Why You Should Never Quit Fruit During a Low-Carb Diet, According to Science

One of my patients – who was obese, uncontrolled diabetes and the cost of her medication – agreed in June 2019 to adopt a whole food plant-based diet.

Excited for the challenge, she did a great job. She increased her intake of fresh fruits and vegetables, stopped eating sweets, crackers and cakes, and reduced foods from animal sources. Over the course of six months, she lost 19 pounds and her HbA1c — a measure of average blood sugar — dropped from 11.5 to 7.6 percent.

It has been working so well, I was expecting HbA1c to keep dropping and it would be one of our vegan successes that reversed my diabetes.

The three-month follow-up visit in March 2020 has been canceled due to the COVID-19 lockdown. When I finally saw her back in May 2021, she had regained some weight and her HbA1c had risen to 10.4 percent.

She explained that her doctor and diabetes nurse had told her that she was eating a lot of “sugar” in a plant-based diet.

She was advised to limit carbohydrates by reducing starchy fruits and vegetables and eating more fish and chicken. Sugar-free candy, cookies, biscuits, and artificial sweeteners were encouraged. In the face of conflicting medical advice, I’ve fallen back on the conventional wisdom that “sugar” is bad and should be avoided whenever possible, especially if you have diabetes.

I am a physician, board certified in Preventive Medicine with the Lifestyle Medicine Clinic at Morehouse Healthcare in Atlanta. This emerging medical specialty focuses on helping patients make healthy lifestyle behavior modifications.

Patients who follow a whole-food plant-based diet increase their carbohydrate intake and often see a reversal of chronic diseases including diabetes and high blood pressure. In my clinical experience, myths about “sugar” and carbohydrates are common among patients and health professionals.

fruit vs sugar

Your body runs on glucose. It is the simple sugar that cells use for energy.

Glucose is the molecular building block of carbohydrates, and one of the three essential nutrients. The other two are fat and protein. Starches are long, branched chains of glucose.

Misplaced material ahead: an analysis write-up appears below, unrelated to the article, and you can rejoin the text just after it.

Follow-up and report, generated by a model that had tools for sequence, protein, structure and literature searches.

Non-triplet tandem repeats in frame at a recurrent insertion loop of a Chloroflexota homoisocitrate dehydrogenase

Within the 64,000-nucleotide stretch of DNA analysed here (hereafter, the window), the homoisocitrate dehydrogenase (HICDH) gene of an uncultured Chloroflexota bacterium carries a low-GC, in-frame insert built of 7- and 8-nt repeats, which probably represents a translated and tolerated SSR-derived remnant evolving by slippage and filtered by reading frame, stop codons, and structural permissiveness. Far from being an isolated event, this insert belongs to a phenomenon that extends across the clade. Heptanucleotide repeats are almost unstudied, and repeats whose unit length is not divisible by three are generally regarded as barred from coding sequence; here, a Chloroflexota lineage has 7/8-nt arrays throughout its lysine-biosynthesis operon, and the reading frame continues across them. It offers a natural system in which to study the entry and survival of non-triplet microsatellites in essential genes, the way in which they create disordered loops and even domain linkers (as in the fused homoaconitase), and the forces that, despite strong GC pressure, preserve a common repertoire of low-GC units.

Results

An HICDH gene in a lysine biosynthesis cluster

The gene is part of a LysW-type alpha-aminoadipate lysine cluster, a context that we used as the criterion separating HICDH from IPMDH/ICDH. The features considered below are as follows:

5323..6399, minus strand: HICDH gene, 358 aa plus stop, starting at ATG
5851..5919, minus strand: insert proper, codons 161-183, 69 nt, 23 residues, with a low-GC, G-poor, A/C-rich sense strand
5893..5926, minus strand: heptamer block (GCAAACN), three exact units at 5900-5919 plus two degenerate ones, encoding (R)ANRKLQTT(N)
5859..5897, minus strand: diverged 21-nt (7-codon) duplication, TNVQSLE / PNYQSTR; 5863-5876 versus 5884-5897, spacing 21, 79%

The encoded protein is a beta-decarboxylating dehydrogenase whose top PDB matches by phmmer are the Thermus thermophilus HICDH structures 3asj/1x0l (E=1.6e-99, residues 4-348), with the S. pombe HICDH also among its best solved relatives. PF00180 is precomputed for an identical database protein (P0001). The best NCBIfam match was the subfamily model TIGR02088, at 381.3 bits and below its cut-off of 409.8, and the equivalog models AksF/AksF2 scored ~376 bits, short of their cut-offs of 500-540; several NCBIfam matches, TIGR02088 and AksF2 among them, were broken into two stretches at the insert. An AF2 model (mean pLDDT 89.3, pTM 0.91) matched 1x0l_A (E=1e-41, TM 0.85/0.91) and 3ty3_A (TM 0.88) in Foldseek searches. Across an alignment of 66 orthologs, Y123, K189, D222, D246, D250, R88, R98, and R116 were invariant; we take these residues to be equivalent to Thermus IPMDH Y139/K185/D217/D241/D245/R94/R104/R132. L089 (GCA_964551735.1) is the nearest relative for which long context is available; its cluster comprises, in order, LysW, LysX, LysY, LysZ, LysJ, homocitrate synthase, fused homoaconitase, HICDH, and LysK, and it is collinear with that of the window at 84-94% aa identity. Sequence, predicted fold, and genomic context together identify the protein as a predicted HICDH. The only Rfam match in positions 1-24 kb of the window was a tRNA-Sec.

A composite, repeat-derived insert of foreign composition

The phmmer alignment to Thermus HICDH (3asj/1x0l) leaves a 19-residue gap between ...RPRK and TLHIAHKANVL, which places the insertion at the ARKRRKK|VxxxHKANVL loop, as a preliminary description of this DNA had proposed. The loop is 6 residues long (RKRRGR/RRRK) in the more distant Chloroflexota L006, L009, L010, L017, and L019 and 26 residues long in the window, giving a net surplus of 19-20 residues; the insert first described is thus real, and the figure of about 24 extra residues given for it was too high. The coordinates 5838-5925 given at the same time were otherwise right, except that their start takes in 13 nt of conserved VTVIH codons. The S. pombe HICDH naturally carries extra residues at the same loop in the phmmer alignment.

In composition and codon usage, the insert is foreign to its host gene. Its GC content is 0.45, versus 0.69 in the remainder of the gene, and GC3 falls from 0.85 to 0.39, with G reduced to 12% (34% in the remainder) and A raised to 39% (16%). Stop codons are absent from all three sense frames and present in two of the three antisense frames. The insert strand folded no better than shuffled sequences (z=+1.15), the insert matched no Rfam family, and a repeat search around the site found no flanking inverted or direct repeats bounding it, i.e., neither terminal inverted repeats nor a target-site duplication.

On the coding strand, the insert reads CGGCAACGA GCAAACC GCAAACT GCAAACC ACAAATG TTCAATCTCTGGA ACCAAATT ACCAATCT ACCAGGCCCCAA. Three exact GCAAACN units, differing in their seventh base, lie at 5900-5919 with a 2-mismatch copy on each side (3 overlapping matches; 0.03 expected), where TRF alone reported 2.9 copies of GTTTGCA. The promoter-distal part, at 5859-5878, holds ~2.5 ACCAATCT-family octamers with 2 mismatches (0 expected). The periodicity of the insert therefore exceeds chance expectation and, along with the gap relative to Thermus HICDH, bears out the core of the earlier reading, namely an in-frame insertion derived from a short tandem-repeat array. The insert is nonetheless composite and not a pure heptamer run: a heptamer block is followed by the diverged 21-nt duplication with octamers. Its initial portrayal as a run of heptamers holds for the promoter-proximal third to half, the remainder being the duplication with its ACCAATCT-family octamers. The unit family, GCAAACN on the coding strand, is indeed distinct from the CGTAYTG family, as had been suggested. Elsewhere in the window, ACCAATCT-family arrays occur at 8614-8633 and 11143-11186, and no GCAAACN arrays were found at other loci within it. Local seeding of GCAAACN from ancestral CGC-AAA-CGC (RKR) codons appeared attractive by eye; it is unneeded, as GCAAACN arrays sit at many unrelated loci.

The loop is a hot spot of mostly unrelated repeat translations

(Trest/Getty Images)

above: These molecules – glucose, fructose and galactose – are the three types of simple sugars found in starches, fruit and milk.

Natural carbohydrates go in packages rich in nutrients such as fruits, vegetables, whole grains, nuts and seeds.

(Trest/Getty Images)

above: Simple chains of sugar molecules linked together form starches and other carbohydrates.

Humans evolved to crave sweet tastes to obtain the nutrients needed to survive. A daily supply of vitamins, minerals, and fiber is needed because our bodies cannot make them. The best source of these substances for our ancient ancestors was sweet, ripe and tasty fruit.

In addition, fruit contains phytonutrients, antioxidants, and chemicals that are produced only by plants. Phytonutrients like ellagic acid in strawberries have cancer-fighting properties and promote heart health.

Refined sugars, on the other hand, are highly processed and stripped of all nutrients except for calories. It is a concentrated form of carbohydrates. The food industry produces refined sugars in many forms. The most common are sucrose crystals, which you define as table sugar, and high-fructose corn syrup, which is found in many processed foods and sweetened beverages.